It may seem a little cheap to put a second-round pick in this spot, but with how top-heavy the receiver class is, Marshall really does seem to be slept on. He stepped in for an LSU squad that lost its top two pass catchers with Justin Jefferson heading to the NFL and Ja’Marr Chase opting out of 2020 to focus on the NFL. He comes into a Panthers offense revitalized under head coach Matt Rhule where at most he’ll be asked to be the third or fourth option.   

Sleeper: Jaelon Darden (Tampa Bay Buccaneers – Round 4, Pick 129)

Tom Brady has always found a use for smaller slot receivers with a nose for the endzone, and that’s exactly what Darden was at North Texas — and so much more. He leaves as the program’s all-time leader in receptions, yards, and touchdowns. Darden can create with the ball in his hands on a quick bubble screen or stretch the defense vertically. On a loaded squad like the defending champs, if he doesn’t get lost among the talent in the receiver’s room, he could benefit from defense’s trying to take away Brady’s other options.

2021 Impact: Anthony Schwartz (Cleveland Browns – Round 3, Pick 91)

May 14, 2021; Berea, Ohio, USA; Cleveland Browns wide receiver Anthony Schwartz (10) catches a pass during rookie minicamp at the Cleveland Browns Training Facility. Mandatory Credit: Ken Blaze-USA TODAY Sports

While it’s likely to be Ja’Marr Chase for all the previously stated reasons, we’ll stay in the division for another pick. Schwartz, the fastest receiver in the class, comes into a tailor-made situation. The Browns have one of the most potent running attacks in the game and two stud receivers in Odell Beckham Jr. and Jarvis Landry that could lead to plenty of opportunities for Schwartz to use his speed to get behind a defense that will be forced to play close to the box. 

The Rest of the List:

TuTu Atwell (Los Angeles Rams – Round 2, Pick 57)

Rashod Bateman (Baltimore Ravens – Round 1, Pick 27)

Dyami Brown (Washingon Football Team – Round 3, Pick 82)

Nico Collins (Houston Texans – Round 3, Pick 89)

D’Wayne Eskridge (Seattle Seahawks – Round 2, Pick 56)

Simione Fehoko (Dallas Cowboys – Round 5, Pick 179)

Desmond Fitzpatrick (Tennessee Titans – Round 4, Pick 109)

Jacob Harris (Los Angeles Rams – Round 4, Pick 141)

Elijah Moore (New York Jets – Round 2, Pick 34)

Rondale Moore (Arizona Cardinals – Round 2, Pick 49)

Joshua Palmer (Los Angeles Chargers – Round 3, Pick 77)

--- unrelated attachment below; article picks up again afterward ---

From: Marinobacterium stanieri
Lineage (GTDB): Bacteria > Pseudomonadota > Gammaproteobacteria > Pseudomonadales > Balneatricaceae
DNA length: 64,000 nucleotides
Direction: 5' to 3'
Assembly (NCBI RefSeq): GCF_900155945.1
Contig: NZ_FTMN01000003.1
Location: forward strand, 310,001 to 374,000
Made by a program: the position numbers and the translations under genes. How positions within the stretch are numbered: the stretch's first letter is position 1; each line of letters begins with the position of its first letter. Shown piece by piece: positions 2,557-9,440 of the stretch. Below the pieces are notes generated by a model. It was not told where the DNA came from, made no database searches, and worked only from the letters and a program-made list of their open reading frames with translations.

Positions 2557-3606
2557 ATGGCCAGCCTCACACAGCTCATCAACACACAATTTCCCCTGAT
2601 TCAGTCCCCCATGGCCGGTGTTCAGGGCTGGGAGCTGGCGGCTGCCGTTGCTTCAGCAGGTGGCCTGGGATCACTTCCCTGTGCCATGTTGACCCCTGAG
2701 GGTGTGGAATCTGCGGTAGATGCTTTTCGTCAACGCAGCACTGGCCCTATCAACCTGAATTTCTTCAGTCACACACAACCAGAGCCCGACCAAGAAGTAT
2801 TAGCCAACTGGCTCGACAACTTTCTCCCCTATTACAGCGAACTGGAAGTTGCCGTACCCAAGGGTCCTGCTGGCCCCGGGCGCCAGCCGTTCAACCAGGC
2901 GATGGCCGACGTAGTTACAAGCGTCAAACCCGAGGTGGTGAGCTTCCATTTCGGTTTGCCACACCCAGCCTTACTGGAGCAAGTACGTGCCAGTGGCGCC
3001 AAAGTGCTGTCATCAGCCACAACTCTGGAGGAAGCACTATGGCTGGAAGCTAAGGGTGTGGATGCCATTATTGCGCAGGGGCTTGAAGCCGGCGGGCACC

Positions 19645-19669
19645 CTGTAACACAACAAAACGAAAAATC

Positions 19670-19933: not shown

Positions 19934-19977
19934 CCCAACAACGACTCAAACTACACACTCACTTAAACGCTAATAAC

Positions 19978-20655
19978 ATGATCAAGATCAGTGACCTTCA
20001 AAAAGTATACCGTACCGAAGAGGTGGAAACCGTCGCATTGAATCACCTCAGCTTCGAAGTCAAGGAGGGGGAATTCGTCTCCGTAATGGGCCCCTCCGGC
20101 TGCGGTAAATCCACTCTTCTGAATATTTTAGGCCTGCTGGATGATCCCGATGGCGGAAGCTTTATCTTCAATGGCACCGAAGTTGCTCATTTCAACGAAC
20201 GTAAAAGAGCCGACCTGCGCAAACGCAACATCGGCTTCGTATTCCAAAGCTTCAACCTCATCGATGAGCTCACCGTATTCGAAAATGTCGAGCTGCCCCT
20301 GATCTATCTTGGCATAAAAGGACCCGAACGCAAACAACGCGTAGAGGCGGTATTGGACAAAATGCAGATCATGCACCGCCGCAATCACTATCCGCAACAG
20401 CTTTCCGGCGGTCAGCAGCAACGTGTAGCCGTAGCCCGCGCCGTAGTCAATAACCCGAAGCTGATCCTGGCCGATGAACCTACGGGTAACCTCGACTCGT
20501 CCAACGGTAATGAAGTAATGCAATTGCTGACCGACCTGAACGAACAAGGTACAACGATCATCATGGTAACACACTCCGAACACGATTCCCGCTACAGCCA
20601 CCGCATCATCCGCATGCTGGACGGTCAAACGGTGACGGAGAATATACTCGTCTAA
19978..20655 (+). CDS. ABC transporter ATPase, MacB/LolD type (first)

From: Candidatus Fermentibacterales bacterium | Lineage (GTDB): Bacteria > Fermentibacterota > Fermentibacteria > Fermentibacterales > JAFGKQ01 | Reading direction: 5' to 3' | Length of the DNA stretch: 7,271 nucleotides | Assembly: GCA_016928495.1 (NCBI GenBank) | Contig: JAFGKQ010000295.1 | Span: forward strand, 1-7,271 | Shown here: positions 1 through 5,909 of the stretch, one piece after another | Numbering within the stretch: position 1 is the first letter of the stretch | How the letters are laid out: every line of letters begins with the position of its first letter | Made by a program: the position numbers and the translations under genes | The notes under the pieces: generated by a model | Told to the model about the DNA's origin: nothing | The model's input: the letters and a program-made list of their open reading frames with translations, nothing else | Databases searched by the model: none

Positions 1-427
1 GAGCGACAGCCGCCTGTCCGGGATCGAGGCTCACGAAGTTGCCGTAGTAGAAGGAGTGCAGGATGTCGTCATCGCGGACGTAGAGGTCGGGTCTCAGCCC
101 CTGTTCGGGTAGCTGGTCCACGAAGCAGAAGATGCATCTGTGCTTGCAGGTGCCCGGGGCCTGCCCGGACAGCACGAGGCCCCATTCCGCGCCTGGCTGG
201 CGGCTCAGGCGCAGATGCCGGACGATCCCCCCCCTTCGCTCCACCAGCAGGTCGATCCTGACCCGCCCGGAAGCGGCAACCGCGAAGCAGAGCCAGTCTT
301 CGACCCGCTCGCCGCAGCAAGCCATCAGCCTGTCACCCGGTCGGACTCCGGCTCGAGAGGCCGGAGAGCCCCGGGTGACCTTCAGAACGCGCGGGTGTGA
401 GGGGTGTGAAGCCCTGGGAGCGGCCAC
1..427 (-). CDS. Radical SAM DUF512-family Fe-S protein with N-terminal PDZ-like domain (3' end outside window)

Cornell Powell (Kansas City Chiefs – Round 5, Pick 181)

Amari Rodgers (Green Bay Packers – Round 3, Pick 85)

Ihmir Smith-Marsette (Minnesota Vikings – Round 5, Pick 157)

Amon-Ra St. Brown (Detroit Lions – Round 4, Pick 112)

Kadarious Toney (New York Giants – Round 1, Pick 20)

Jaylen Waddle (Miami Dolphins – Round 1, Pick 6)

Tylan Wallace (Baltimore Ravens – Round 4, Pick 131)


Highest Ceiling: Najee Harris (Pittsburgh Steelers – Round 1, Pick 24)

May 4, 2021; Pittsburgh, PA, USA; Pittsburgh Steelers running back Najee Harris (22) and Pittsburgh Steelers quarterback Roland Rivers (8) practice at the UPMC Rooney Sports Complex during rookie minicamp, Friday, May 14, 2021 in Pittsburgh, PA. Mandatory Credit: Caitlyn Epes/Handout Photo via USA TODAY Sports

Big, strong, fast. The Steelers found themselves the perfect new toy for Mike Tomlin’s offense. In a division that historically loves to pound the ball, Harris is the type of physical runner that can thrive. The Steelers had the worst running attack in the league, and that should change instantly with Harris in the backfield. The only concern for Harris’ immediate production could be the quarterback play. If Ben Roethlisberger continues the decline he looked to be on last season, defenses could be loading the box on Harris early on. 

Boom or Bust: Chuba Hubbard (Carolina Panthers – Round 4, Pick 126)

It’s a little weird having a guy with a relatively high floor as a boom or bust candidate, but Hubbard’s situation warrants it. He comes in behind one of the most explosive and dynamic players in the league in Christian McCaffrey, so he’ll be fighting for playtime. But his weaknesses in the passing game, both catching and blocking, could keep him off the field at times. Taking nothing away from him as a runner, if Hubbard can’t be trusted in protection or as a receiving threat, defenses can hone in when he’s out there, and head coach Matt Rhule may have no choice but to sit his young back. 

Sleeper: Michael Carter (New York Jets – Round 4, Pick 107)